lunedì 7 agosto 2017

Azioni della Commissione Europea per l'Europa Digitale

Commission launched consultation on EU initiative to develop Europe's supercomputers
With the aim of creating a European initiative on high performance computing, the Commission launched yesterday afternoon a consultation calling for opinions on the future development of supercomputing. The results of the consultation will help support the development of the next generation computing and data infrastructure in Europe. High performance computing carries enormous potential for science, society, and investment in the European Union because of its ability to analyse vast quantities of data in real time. It can effectively address societal and scientific challenges in areas such as the development of personalised medicine, decoding the human brain, forecasting climate change and mitigating large-scale industrial and natural disasters. In the 2017 Mid-Term Review of the Digital Single Market Strategy and in the 2016 European Cloud Initiative, the Commission announced proposals for a European high performance computing initiative, underlining it as crucial element for the future of European research and industry. Major investments are needed to develop the next generation of supercomputers. It is therefore essential that EU Member States, the public and private sectors join forces through a European initiative. Support for the development of an integrated world-class high performance computing and data infrastructure in Europe was boosted this year by the 'EuroHPC' Declaration signed by nine EU Member States so far: Belgium, France, Germany, Italy, Luxembourg, the Netherlands, Portugal, Slovenia and Spain. All other Member States are invited to sign the declaration. The consultationruns until 5 September 2017. The results will be used to prepare the European high performance computing initiative. The Commission intends to adopt the initiative in 2018. Everyone interested – academic and researchers, private and public sector representatives and associations – can participate in the consultation here. More information is available online.(For more information: Christian Wigand – Tel.: +32 229 62253; Julia Bräuer – Tel.: +32 229 80707)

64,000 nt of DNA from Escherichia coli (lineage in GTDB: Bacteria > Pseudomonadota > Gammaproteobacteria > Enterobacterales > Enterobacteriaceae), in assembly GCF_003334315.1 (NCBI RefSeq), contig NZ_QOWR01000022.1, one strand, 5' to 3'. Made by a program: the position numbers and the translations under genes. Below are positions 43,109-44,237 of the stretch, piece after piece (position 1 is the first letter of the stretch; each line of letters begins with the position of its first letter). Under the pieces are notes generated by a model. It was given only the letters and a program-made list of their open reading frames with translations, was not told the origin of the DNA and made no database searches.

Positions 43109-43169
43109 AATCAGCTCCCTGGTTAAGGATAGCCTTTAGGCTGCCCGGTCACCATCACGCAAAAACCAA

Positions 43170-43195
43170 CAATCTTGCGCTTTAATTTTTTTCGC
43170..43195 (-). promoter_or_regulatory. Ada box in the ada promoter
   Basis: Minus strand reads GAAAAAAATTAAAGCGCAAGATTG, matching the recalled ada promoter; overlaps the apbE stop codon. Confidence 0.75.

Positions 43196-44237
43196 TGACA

Commission launches consultation to help law enforcements to combat crime in the digital age
Today the European Commission is launching a public consultation on improving cross-border access to electronic evidence. Commissioner for Justice, Consumers and Gender Equality, Vera Jourová, already presented three legislative options to improve access to e-evidence at the last Justice Council (8/06). Based on the discussion between Justice Ministers and input of the public, the Commission will prepare a legislative proposal. Commissioner Jourová said: "It is our duty to keep Europeans safe and make sure that criminals are brought to justice. Crime knows no borders, criminal investigations often do. We will change that. The online world cannot serve as safe haven for criminals." Crime often leaves digital traces that can serve as valuable evidence in criminal proceedings and provide significant leads for investigators. E-evidence could include subscriber information, traffic or metadata as well as content data, for the purpose of criminal investigations.  Although the procedures for gathering this type of electronic evidence are usually defined at national level, obtaining electronic evidence frequently has cross-border implications. Present-day solutions often prove unsatisfactory and can even bring investigations to a halt. The consultation is available here and will be open until 27 October 2017. (For more information: Christian Wigand – Tel.: +32 229 62253; Sara Soumillion – Tel.: + 32 229 67094)

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